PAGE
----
PSEUDO-NOISE (PN) SEQUENCES , what is pseudo noise sequence , Maximal-Length Sequence

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Maximal-Length Sequence , PSEUDO-NOISE (PN) SEQUENCES , what is pseudo noise sequence ? pn sequence generator problems , advantages of pn sequence
            A pseudo-noise (PN) or pseudorandom sequence is a binary sequence with an autocorrelation that resembles, over a period, the autocorrelation of a random binary sequence. Its autocorrelation also roughly resembles the autocorrelation of bandlimited white noise. Although it is deterministic a pseudonoise sequence has many characteristics that are similar to those of random binary sequences, such as having a nearly equal number of 0s and 1s, very low correlation between shifted versions of the sequence, very low cross correlation between any two sequences, etc. The PN sequence is usually generated using sequential logic circuits. A feedback shift register, which is shown in figure 11.1, consists of consecutive stages of two state memory devices and feedback locig. Binary sequences are shifted through the shift registers in response to clock pulses, and the output of the various stages are logically combined and fed back as the input to the first-stage. ‘1,y-hen the feedback logic consists of exclusive-OR gates, which is usually the case, the shift register is called a linear PN sequence generator.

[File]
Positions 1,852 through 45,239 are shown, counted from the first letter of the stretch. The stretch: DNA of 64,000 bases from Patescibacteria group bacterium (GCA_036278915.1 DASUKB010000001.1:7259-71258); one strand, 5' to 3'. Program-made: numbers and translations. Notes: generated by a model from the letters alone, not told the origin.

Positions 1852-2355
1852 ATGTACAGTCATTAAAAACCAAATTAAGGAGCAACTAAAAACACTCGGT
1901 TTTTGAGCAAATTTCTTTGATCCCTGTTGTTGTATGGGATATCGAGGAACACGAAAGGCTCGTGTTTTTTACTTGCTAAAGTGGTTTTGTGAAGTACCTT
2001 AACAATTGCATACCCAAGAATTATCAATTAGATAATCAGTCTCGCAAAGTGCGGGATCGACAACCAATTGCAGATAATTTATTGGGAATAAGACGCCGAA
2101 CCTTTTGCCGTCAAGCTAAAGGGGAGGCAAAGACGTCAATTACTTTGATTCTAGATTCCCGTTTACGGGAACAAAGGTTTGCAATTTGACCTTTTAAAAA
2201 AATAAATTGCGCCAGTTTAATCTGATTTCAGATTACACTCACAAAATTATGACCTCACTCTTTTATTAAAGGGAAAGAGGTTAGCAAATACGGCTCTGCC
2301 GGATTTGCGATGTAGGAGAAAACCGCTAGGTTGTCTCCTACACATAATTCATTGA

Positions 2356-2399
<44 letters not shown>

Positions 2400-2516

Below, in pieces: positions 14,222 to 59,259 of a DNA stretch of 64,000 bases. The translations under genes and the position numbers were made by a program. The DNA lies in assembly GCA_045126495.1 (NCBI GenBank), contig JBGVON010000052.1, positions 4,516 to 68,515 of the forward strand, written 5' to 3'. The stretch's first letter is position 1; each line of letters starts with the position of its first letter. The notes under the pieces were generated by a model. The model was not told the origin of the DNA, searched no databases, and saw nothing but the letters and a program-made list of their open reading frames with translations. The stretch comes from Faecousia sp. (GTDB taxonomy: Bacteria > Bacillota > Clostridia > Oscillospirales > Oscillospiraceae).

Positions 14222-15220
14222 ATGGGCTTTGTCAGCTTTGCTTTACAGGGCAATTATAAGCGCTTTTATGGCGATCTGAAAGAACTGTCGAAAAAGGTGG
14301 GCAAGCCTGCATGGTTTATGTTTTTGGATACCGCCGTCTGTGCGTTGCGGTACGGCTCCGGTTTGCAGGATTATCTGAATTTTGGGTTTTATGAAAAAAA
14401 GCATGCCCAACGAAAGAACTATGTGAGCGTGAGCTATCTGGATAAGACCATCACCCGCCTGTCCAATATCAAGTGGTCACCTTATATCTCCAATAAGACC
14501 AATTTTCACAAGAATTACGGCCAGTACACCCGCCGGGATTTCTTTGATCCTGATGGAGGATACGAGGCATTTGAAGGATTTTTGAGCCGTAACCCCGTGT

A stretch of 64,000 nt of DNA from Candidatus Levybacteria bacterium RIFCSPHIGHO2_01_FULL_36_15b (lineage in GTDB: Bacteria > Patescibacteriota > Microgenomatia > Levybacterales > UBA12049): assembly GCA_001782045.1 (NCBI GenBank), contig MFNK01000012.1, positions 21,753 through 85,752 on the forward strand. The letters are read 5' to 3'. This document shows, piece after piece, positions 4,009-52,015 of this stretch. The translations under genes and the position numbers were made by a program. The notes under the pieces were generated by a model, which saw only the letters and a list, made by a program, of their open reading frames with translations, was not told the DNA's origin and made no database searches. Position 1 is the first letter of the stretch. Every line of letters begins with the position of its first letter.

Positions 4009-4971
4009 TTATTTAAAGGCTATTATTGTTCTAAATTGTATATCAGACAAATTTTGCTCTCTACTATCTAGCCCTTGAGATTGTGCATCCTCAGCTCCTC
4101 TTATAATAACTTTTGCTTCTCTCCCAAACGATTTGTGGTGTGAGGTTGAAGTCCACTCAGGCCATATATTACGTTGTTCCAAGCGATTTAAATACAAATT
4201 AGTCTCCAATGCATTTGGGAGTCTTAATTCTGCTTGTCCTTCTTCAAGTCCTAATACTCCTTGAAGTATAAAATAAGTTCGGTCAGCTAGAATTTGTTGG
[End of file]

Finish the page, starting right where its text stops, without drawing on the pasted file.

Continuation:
FIGURE 11.1 Block diagram of a generalized feedback shift register with m stages
The initial contents of the memory stages and the feedback logic circuit determine the successive contents of the memory. If a linear shift register reaches zero state at some time, it would always remain in the zero state, and the output would subsequently be all 0s. Since there are exactly 2m-1 non zero states for an
m-stage feedback shift register, the period of a PN sequence produced by a linear m-stage shift register cannot exceed 2m – 1 symbols. A sequence of period 2m – 1 generated by a linear feedback register is called a maximal length (ML) sequence.
Let sj(k) denote the state of the jth flip-flop after the kth clock pulse; this state may be represented by symbol 0 or 1. The state of the shift register after the kth clock pulse is then defined by the set {s1(k), s2(k), … sm(k)}, where k > 0. For the initial state, k is zero. From the definition of a shift register, we have
sj (k + 1) = sj – 1 (k),

Spread-spectrum systems, in general, are digital commu-nication systems; in a loose sense, the comparable analog technique is frequency modulation (FM), although it is not usually considered a form of spread spectrum.

where s0(k) is the input applied to the first flip-flop after the kth clock pulse. According to the configuration described in figure 11.1, s0(k) is a Boolean function of the individual states s1(k), s2(k), ….. sm(k). For a specified length m, this Boolean function uniquely determines the subsequent sequence of states and therefore the PN sequence produced at the output of the final flip-flop in the shift register. With a total number of m flip-flops, the number of possible states of the shift register is at most 2m. Therefore, it follows that the PN sequence generated by a feedback shift register must eventually become periodic with a period of at most 2m.